Editorial: Monday mix on road safety, stained glass, youth homes

Published: 05-29-2017 3:15 PM

The death of a bicyclist at the intersection of Hinckley and Nonotuck streets in Florence is a tragic reminder that all of us must take care when sharing the roads.

Bicyclist Alan Porter, 78, of Florence, was killed about 3 p.m. May 15 when he attempted to cross Nonotuck from Hinckley Street and was struck by an eastbound vehicle. Police have not yet determined fault or ruled whether speed was a factor.

However, speeding on Nonotuck Street has been documented by the city, and two permanent speed bumps will be constructed on the road this spring. According to a Department of Public Works study, motorists on certain sections of Nonotuck Street exceeded the 30-mph speed limit on average by between 10 and 12 mph, and temporary speed bumps installed last September brought the average speed down almost to the limit.

Last week, neighbors organized a memorial to Porter as well as a creative exercise in slowing traffic. A white bicycle and flowers were placed at the site of the fatal crash, and white ribbons decorated parked cars and telephone poles.

“We’re not only memorializing our deceased neighbor, but coming together in a sense of unity,” explained Rick Haggerty, who has lived for 20 years on the street that residents call the “Florence highway.”

On May 22, they parked their vehicles on the street, creating a bottleneck that slowed traffic. “Our advocacy will continue until the entire length of this street is calmed,” said Alex Papouchis.

In addition to the speed bumps on Nonotuck Street between New Street and Landy Avenue, a raised crosswalk will be built at Hinckley Street.

At-large City Councilor Ryan O’Donnell, the chairman of the Transportation and Parking Commission, said, “No solution is likely to be perfect, address every issue, or meet with the approval of 100 percent of people. But in this case it was important to take action.”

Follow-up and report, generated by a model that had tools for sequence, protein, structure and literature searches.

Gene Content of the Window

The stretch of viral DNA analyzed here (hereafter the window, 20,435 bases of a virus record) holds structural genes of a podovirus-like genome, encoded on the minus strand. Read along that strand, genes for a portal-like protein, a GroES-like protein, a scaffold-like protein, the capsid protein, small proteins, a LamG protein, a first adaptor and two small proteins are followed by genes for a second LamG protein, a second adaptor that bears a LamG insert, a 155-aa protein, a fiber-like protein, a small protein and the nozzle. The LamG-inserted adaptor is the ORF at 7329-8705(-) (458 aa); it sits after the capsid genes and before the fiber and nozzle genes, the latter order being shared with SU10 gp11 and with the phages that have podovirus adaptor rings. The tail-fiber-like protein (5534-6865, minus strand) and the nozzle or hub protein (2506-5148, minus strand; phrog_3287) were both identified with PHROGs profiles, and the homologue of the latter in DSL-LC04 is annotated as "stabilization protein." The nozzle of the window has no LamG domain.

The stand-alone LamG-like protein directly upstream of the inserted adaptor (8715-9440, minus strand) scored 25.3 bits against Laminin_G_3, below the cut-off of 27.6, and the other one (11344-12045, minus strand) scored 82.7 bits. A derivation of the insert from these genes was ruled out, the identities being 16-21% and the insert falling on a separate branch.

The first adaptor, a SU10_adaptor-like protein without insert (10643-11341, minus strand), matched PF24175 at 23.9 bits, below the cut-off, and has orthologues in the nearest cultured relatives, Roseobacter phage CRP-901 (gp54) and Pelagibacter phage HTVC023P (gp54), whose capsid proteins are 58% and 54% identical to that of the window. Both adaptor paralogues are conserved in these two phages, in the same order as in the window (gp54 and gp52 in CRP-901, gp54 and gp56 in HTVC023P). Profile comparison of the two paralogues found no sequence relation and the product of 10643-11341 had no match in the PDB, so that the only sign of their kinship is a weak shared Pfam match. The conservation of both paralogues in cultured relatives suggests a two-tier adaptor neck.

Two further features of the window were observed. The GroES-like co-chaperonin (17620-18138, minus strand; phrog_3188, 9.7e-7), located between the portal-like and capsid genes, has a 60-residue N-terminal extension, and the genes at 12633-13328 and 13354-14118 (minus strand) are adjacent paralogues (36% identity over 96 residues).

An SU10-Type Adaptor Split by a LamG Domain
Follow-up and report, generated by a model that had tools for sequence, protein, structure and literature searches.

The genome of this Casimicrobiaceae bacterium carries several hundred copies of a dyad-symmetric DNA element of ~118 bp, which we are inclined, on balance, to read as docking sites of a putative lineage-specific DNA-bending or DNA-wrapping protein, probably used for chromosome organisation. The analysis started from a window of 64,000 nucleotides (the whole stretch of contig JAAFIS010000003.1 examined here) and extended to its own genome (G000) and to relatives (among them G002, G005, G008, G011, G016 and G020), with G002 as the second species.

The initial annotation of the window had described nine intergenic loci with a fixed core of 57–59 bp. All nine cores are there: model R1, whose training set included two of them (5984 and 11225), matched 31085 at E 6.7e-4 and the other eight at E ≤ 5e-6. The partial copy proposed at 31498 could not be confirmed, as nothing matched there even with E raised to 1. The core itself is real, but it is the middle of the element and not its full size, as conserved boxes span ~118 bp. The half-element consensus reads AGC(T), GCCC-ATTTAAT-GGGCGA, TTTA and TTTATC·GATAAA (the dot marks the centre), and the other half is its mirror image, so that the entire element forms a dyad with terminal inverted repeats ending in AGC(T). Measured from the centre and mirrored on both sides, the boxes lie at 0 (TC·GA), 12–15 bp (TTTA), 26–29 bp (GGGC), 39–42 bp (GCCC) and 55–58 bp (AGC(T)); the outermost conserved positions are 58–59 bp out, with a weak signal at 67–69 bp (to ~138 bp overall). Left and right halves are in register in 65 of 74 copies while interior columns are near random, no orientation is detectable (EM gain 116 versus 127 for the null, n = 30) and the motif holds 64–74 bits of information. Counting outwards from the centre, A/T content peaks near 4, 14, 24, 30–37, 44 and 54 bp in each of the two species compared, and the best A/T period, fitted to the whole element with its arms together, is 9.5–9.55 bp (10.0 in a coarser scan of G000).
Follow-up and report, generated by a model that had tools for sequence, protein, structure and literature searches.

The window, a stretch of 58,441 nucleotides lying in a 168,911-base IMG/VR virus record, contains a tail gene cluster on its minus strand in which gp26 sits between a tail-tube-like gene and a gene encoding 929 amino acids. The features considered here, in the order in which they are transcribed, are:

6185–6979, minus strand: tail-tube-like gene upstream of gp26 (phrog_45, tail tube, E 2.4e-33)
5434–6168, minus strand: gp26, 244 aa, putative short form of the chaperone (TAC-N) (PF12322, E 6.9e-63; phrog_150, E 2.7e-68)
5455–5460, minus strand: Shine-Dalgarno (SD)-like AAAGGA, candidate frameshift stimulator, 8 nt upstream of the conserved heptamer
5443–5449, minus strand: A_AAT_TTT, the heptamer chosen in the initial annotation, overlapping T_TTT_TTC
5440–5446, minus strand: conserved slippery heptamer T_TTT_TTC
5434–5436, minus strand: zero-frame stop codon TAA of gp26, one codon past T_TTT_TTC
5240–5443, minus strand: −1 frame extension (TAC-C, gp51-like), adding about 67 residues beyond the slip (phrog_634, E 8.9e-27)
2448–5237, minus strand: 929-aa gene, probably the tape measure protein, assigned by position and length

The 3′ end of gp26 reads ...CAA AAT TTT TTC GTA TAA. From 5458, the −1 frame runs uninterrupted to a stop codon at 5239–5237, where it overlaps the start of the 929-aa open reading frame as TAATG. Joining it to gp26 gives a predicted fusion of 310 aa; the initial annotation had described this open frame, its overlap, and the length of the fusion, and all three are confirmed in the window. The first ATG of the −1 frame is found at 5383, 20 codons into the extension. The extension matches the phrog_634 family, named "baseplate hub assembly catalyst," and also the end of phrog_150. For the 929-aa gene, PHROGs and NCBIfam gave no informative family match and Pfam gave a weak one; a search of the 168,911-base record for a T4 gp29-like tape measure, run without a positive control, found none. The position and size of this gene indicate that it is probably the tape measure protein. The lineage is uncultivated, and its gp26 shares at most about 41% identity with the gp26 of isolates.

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Just as importantly, everyone on the roads must use common sense in policing themselves.

Motorists, cyclists and pedestrians must obey traffic laws, and use extra care in paying attention when entering intersections and crossing streets. No one should be texting or wearing headphones while driving a motor vehicle or bicycle or walking in crosswalks.

As Nonotuck Street resident John Van Beckum said, the fatality “just puts such a focus on how easy it can be for someone to lose their life in a moment. And there’s some responsibility that we all share for that.”

​* * *

Three years ago, leaders of the First Churches of Northampton on Main Street wanted to sell its famed Tiffany “River of Life” stained glass window to help pay off the debt incurred during a $2.2 million renovation of the building. But the Massachusetts Historical Commission denied the request.

Today, the more than century-old window has been removed and will be restored. The church received $213,000 from the city’s Community Preservation Act and $7,370 from the National Society Daughters of the American Revolution to pay for the project.

The window with deep greens, blues, magentas and indigos shows a river flowing from hills in the background to lily pads in the foreground.

“It really is pretty spectacular,” says the Rev. Todd Weir. “It’s just kind of a stunning effect to see how they’ve done the layered glass.”

The restoration is expected to be completed by October. We’re glad the church raised enough money to keep the Tiffany window in Northampton where its beauty will be enjoyed for years to come.

​* * *

A long-planned mission to serve homeless youths in the Northampton area is nearing completion with the purchase of a two-story house on Hatfield Street that will be converted to a pair of two-bedroom apartments.

The project is a partnership of Friends of Hampshire County Homeless individuals, which runs the seasonal shelter on Center Street in Northampton, and DIAL/SELF, which has offered youth services in the Valley since 1977.

The renovation is expected to be complete this summer, and the rooms will be offered to youths between the ages of 18 and 24 who will sign three-month renewable leases, pay income-based rent, participate in support services and complete four hours of community service a month.

Fundraising continues to pay for a structure on an adjacent lot to house four efficiency apartments. Donations to help keep youths off the streets and moving toward productive adulthood may be made online at www.hamphomeless.org/donate/. We can’t imagine a better investment.